A multidimensional analysis of L1–L2 differences across three advanced levels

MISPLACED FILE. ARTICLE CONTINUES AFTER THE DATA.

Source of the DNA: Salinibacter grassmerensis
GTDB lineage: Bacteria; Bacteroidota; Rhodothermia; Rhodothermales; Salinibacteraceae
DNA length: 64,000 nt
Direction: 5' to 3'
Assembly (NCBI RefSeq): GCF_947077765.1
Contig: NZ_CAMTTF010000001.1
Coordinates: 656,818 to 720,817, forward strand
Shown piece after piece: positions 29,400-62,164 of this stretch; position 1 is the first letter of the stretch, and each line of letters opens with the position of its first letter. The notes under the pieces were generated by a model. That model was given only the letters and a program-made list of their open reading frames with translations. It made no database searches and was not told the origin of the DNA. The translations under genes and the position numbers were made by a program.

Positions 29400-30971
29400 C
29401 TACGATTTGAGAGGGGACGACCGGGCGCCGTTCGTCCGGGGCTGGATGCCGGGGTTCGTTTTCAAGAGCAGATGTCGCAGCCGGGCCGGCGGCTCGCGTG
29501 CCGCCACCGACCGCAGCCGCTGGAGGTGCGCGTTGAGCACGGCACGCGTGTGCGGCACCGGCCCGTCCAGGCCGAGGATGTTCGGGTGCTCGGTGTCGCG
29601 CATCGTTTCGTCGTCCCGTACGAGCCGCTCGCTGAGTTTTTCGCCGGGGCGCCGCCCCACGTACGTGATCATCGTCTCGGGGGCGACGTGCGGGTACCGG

A new multidimensional analysis exploring linguistic variation in L1 and L2 academic writing across three advanced proficiency levels (Master’s theses, PhD dissertations, and research articles) is conducted. Through an exploratory factor analysis, I identify and interpret four dimensions that capture the lexical and grammatical differences between L1 and L2 academic writing in applied linguistics. Two-way ANOVAs show that there are significant differences between L1 and L2 academic writing on three of the four dimensions. Compared with L1 academic writing, L2 academic writing is generally less attitudinal, narrative, and academically involved. Among the three proficiency levels, L2 research articles are closest to L1 research articles, while L2 Master’s theses differ most from L1 Master’s theses on three dimensions. ANOVA tests also show that proficiency levels have a main effect on Dimension 2, as well as having an interactive effect with language backgrounds on Dimensions 2 and 3. Our findings have important pedagogical and methodological implications. First, L2 writers need to increase their awareness of the importance of stance expressions in academic writing. Second, proficiency levels need to be given considerable attention in corpus design to minimise their influence on the results of L1–L2 comparisons.